Spectrum Gaming study predicts New York mobile betting revenue could hit $1.14bn

Spectrum Gaming Group has published its report on the expansion of gambling operations in the state of New York.

Spectrum Gaming Group has published its long-awaited study on the expansion of gambling operations in the state of New York and suggests that mobile sports betting in the Empire State could generate between $816m and $1.14bn in annual gross gaming revenue (GGR).

Spectrum Gaming’s report 

The report was originally commissioned by the New York State Gaming Commission in 2019 and was scheduled to be delivered in December 2019. However, the study was pushed back to June 2020 before being delayed indefinitely as a result of the coronavirus pandemic.

The 358-page report outlines potential returns for the state of New York, based on a range of different gambling expansion scenarios.

This report comes after New York’s Governor indicated that he will support efforts to bring online sports betting to New York.

Looking at sports betting

In regard to sports betting, Spectrum looked at several scenarios and provided projections for the size of the market within three to five years following the introduction of the activity.

Spectrum’s report revealed that if New York’s sports betting market does not change and continues to only permit land-based betting at tribal and commercial casinos, the state can expect to generate between $66m and $93m in annual revenue. This would generate between $4m and $5m in tax revenue for state coffers.

In the event of a limited sports betting expansion where in-person betting is still the only legal way to bet but off-track betting facilities and video lottery terminals are permitted to take bets, the state would see a massive jump in revenue. According to the projection, once the market reaches maturity in this scenario GGR would be between $212m and $296m and tax revenue would increase to between $19m and $27m.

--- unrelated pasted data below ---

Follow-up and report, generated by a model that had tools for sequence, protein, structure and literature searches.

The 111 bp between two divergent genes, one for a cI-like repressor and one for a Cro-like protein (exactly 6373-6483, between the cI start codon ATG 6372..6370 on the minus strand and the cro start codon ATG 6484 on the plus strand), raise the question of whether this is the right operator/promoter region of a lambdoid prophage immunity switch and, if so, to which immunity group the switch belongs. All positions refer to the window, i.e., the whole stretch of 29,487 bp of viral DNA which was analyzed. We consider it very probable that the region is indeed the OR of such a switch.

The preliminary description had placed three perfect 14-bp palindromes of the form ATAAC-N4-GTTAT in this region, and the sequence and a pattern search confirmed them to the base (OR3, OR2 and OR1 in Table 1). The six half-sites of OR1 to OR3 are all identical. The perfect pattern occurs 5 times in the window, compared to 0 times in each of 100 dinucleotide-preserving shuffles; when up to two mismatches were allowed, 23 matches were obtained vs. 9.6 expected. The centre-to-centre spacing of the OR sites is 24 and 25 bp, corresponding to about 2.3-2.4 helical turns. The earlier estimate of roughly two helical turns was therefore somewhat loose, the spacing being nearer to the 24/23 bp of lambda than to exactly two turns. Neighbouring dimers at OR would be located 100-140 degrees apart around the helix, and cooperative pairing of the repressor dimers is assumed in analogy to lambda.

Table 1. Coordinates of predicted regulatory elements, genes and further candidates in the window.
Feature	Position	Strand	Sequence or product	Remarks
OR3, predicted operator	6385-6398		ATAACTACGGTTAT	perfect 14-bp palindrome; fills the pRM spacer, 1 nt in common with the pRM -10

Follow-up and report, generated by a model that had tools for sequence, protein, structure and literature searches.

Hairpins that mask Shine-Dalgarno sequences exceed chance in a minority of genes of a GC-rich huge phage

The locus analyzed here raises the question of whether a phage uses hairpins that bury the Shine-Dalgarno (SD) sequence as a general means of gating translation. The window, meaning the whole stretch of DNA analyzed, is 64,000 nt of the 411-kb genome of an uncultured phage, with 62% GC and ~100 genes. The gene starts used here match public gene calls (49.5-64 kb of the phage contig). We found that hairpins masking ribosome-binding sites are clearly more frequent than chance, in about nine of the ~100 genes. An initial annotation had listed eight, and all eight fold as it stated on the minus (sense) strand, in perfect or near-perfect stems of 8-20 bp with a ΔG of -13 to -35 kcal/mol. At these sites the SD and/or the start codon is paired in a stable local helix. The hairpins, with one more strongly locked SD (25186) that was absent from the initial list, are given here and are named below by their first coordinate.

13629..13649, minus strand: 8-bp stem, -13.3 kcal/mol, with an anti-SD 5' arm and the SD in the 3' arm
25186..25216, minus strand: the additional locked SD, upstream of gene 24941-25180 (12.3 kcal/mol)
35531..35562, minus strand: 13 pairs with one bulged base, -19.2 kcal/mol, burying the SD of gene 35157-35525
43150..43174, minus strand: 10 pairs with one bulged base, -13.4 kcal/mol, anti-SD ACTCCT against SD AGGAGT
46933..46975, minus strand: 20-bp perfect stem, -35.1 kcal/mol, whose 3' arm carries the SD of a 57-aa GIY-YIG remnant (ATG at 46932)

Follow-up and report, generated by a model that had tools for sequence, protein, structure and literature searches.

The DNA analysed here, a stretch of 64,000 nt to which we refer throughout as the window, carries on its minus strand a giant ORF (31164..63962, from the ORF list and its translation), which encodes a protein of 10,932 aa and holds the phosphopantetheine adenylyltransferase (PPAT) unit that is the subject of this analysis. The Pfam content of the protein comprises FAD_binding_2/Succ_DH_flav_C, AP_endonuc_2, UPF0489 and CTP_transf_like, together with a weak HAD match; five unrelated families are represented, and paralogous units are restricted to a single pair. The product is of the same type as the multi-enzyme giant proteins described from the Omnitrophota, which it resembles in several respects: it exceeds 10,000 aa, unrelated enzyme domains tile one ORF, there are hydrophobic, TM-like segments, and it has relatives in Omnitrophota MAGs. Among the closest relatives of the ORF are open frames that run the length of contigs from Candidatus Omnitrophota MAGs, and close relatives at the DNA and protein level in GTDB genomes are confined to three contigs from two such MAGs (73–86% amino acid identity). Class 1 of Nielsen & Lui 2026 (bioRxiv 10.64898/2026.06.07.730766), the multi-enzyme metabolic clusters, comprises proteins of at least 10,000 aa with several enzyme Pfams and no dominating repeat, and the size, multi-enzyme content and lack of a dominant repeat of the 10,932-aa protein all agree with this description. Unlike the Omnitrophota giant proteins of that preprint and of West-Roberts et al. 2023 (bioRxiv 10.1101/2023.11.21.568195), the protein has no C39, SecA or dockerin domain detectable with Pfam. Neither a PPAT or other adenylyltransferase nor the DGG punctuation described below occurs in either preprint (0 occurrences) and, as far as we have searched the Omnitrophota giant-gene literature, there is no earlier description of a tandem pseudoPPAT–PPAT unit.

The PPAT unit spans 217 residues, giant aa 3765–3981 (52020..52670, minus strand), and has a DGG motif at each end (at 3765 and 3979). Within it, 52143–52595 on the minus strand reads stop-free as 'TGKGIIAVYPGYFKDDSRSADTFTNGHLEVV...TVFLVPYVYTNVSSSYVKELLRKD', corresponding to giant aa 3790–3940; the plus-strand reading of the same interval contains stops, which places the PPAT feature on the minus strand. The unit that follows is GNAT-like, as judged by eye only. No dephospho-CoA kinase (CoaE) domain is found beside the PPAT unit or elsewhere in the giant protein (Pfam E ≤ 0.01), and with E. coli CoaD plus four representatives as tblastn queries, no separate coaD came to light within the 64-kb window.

The returns would grow exponentially with the implementation of online betting as Spectrum projects the vertical to generate between $816m and $1.14bn in revenue. Spectrum predicts that this would be the same whether the state permitted statewide mobile betting for commercial or tribal operators.

Spectrum did, however, note that if tribal operators were restricted to offering mobile betting on their lands, this would raise the state’s tax revenue. With this model in place, tax revenue would sit in the range of $74m to $104m.

If tribal operators were allowed to offer true statewide betting the states tax take would drop to between $72m and $99m. The report noted that both scenarios take the expansion of the land-based market into consideration.

However, Spectrum’s report does not consider the framework that New York Governor Andrew Cuomo is currently eyeing. Cuomo is pushing for a sports betting model in which one or more sports betting providers would be selected through a request for proposal. 

This would be similar to the approach taken in New Hampshire which saw DraftKings become the state’s sole sports betting operator.

Other verticals

The report also looked at the expansion of other gambling activities in the Empire State including online poker, casino and lottery games. According to Spectrum, these activities could generate up to $1.1bn in annual revenue once the market reaches maturity.

The report notes that poker would likely be the lowest revenue contributor with $60m followed by online lottery which is projected to generate $299m. Online casinos, however, would make up the majority of projected revenue with an estimated $750m coming from the vertical.

However, the legalisation of online gambling for commercial casinos would allow the state’s tribal operators to also enter the market. This means that approximately $730m of the projected $1.1bn would be taxable, this would then leave the state with $73m in tax revenue.

What about land-based expansion

The report also provided some insight into the expansion of land-based gambling based on several scenarios. All scenarios predict that the construction of new casinos or video lottery terminal facilities being turned into casinos would negatively impact the market.

Spectrum noted that a major land-based gambling expansion, which would see three downstate casinos opened alongside two video lottery terminal facilities, would hurt the market. 

Instead of increasing the tax take for the state, the expansion would likely see upstate venues close or reduce their staff numbers due to the increased competition in the state.

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